CHARLOTTE, N.C. (QUEEN CITY NEWS) — A Huntersville manufacturer landed a taxable grant worth $13.1 million from Mecklenburg County to expand its equipment and workforce.
The Business Investment Program Grant for Reynolds Consumer Products LLC will provide 12 injection machines and add 66 employees over five years. The facility off Old Statesville Road creates the Hefty and Reynolds Wrap brands. The average salary for the new jobs would be $48,227.
The investment is a 50 percent grant over five years, not to exceed $133,145.
Elaine Powell, who represents north Mecklenburg County, was the lone dissenter on the board.
The N.C. Community Colleges system is a partner, offering to assist with hiring and specialized on-the-job training with an estimated value of $41,600. Central Piedmont College’s Merancas Campus is nearby.
According to Shahid Rana of the Mecklenburg County Office of Economic Development, the project is expected to net the county $16,031 in revenue in the final year of the term, resulting in a cumulative net of $144,847 over five years.
S. Charlotte complex lands rental subsidy for affordable housing
The county is making a $4 million investment for affordable housing in south Charlotte.
The board authorized an agreement to provide a rental subsidy for 40 affordable units at the Charlotte Woods apartment complex on Scaleybark Road. The agreement is worth $4.28 million over 20 years.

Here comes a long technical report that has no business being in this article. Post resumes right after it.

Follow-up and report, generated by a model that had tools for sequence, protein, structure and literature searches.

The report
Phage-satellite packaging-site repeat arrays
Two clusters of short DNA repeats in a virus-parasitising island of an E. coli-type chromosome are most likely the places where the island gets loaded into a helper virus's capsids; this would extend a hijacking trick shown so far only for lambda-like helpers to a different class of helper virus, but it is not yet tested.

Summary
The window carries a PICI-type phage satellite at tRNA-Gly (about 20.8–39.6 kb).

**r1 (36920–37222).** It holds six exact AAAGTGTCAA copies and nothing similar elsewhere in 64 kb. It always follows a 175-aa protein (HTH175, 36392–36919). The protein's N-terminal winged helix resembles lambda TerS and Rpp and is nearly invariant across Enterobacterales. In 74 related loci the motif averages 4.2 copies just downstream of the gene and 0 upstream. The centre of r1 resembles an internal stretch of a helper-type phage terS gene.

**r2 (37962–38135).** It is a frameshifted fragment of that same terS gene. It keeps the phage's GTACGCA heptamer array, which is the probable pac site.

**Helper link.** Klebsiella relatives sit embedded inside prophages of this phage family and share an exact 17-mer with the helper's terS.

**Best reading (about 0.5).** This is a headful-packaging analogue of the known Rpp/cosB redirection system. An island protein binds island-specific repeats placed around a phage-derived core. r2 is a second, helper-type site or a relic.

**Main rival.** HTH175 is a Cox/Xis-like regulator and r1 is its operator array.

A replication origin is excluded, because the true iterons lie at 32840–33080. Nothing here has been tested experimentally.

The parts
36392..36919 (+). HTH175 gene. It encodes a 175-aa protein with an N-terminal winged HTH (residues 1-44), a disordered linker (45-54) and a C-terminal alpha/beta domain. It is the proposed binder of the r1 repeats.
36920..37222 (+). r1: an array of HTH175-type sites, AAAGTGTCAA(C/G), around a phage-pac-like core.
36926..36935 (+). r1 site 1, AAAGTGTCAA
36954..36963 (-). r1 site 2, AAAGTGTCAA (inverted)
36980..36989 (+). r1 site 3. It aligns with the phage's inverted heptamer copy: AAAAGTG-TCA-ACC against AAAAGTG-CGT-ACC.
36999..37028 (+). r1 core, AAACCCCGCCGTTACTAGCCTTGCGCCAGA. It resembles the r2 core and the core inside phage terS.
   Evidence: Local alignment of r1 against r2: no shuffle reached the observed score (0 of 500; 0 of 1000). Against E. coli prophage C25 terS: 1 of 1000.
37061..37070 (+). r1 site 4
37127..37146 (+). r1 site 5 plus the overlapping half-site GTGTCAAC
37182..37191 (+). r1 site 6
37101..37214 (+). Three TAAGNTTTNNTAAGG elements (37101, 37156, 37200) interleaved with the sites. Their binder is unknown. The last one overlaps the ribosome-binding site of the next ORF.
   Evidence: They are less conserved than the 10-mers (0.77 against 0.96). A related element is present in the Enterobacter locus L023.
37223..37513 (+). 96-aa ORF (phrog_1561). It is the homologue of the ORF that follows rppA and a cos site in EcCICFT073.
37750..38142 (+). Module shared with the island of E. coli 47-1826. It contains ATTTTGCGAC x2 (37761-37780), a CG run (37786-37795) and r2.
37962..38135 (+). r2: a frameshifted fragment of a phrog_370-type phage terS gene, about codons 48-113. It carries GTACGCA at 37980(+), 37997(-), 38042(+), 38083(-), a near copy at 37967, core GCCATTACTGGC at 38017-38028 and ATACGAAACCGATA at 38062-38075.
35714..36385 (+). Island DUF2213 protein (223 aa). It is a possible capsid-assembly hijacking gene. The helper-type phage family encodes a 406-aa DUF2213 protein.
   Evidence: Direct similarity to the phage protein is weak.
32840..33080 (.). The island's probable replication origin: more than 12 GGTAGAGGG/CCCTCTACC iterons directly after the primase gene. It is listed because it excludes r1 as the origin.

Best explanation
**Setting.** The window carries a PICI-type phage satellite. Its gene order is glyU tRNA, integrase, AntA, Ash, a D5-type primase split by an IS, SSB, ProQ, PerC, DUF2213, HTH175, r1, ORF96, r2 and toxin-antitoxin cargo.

The deal is through the Charlotte-based Housing Collaborative nonprofit and proposed property owner Ascent Housing, which aims to serve 30 percent of the property to residents at or below 30 percent area’s median income. NOAH stands for “naturally occurring affordable housing.”
In November 2022, the group acquired a 292-unit apartment community on Central Avenue near the Plaza Midwood neighborhood.
Commissioner Laura Meier, who represents the area, expressed her excitement over affordable units being spread to different parts of the city.
“It’s important the county isn’t lopsided with affordable housing, not just in one part of town,” Meier said. “I’m just thrilled to have it and to support the mission. It’s so important that every district have their fair share of affordable housing because if there’s one thing we (Districts 1,5 and 6) get criticized for, it’s that we don’t have affordable housing. This is a wonderful opportunity, and I hope it continues.”
Commissioner Vilma Leake asked about finding locations to place such NOAH facilities in the “crescent” area of Charlotte that’s lower on the socio-economic scale than south Charlotte’s “wedge.”
“There is a concern to reach those who are in the bottom of the totem pole in this process,” she said. “We need to hopefully alleviate poverty. How can we implement something similar to this to help to elevate housing and living conditions and health conditions and all those needs in the crescent.”
County acquires north Meck parkland
The county acquired 166 acres in Huntersville for use by the Park and Recreation Department.
The property covering two parcels has been owned by Walnut Creek Farm and is adjacent to the Buckeye Cove Nature Preserve between Beatties Ford Road and the Catawba River.
The acquisition is for $10.6 million.